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Less Talk, More Housing

Less Talk, More Housing
Mitt and Barack may be posturing for the hearts and minds of middle-income folks in their debates, but maybe they'd get further if they just built some apartments for them. Like the latest from Spectrum Development Solutions and Gracorp Capital Partners: 120 workforce apartments in the first private project at the much-talked-about Yesler Terrace redevelopment.
Jake McKinstry of Spectrum Development Solutions in his downtown Seattle office.
Here's Spectrum principal Jake McKinstry channeling NYC in the company's Third Avenue offices. The JV purchased a $2.9M plot from the Seattle Housing Authority at 12th and Yesler, and hopes to lease units in 2014. What's the motivation? Right now, less than 15% of the downtown rental housing supply is affordable to people making between $36k and $50k per year, Jake says. He tells us, "You have to proactively create affordability. In our minds, it's only going to get harder to create these options."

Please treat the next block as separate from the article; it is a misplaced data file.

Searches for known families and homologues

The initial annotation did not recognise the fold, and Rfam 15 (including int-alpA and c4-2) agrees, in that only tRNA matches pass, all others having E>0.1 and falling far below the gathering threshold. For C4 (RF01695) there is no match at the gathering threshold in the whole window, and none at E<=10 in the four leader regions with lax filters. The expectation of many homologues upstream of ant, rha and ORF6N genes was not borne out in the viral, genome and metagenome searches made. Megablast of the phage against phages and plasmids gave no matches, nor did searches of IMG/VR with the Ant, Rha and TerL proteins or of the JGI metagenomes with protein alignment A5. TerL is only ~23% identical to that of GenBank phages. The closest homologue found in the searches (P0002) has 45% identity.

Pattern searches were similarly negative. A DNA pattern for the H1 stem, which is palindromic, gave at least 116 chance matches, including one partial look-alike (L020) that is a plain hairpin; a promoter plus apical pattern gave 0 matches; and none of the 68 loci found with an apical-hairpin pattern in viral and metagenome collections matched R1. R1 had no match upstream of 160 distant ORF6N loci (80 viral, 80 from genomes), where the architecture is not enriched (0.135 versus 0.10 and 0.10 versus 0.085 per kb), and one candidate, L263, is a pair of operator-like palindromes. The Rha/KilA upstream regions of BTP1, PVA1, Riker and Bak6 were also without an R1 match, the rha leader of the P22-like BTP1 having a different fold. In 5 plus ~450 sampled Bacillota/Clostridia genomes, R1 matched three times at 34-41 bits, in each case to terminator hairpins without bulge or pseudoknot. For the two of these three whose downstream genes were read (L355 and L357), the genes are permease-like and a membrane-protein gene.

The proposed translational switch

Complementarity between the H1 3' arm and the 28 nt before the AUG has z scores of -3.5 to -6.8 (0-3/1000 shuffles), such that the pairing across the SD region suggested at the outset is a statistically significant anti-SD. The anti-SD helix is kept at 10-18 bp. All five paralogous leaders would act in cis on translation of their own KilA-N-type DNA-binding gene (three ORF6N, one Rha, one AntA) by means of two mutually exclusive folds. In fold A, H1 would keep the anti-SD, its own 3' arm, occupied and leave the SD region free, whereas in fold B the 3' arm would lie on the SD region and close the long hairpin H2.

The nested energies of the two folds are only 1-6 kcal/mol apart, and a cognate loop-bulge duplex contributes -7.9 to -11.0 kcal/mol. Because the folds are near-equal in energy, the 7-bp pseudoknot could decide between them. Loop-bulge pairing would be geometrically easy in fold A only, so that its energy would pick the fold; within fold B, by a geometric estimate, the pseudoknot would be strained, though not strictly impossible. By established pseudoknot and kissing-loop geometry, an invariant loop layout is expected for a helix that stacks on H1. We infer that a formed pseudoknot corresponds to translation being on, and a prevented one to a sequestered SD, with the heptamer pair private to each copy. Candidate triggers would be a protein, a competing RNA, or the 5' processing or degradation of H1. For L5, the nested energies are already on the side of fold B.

The Seattle Housing Authority's vision for Yesler Terrace.
This SHA concept drawing confirms part of Yesler Terrace's affordability—it's hand drawn. While not affordable housing by definition, Jake and company founder Hal Ferris are determined that this project will be affordable for teachers, nurses, and families.Spectrum sees workforce housing located along easy-access transit lines as a model project, he says. Other than more workforce housing, Jake, an avid skiier and snowboarder, has another vision for the future: "I want to do a ski resort. I'd make Crystal into a mini-Whistler Village podium development, and bury the parking lot."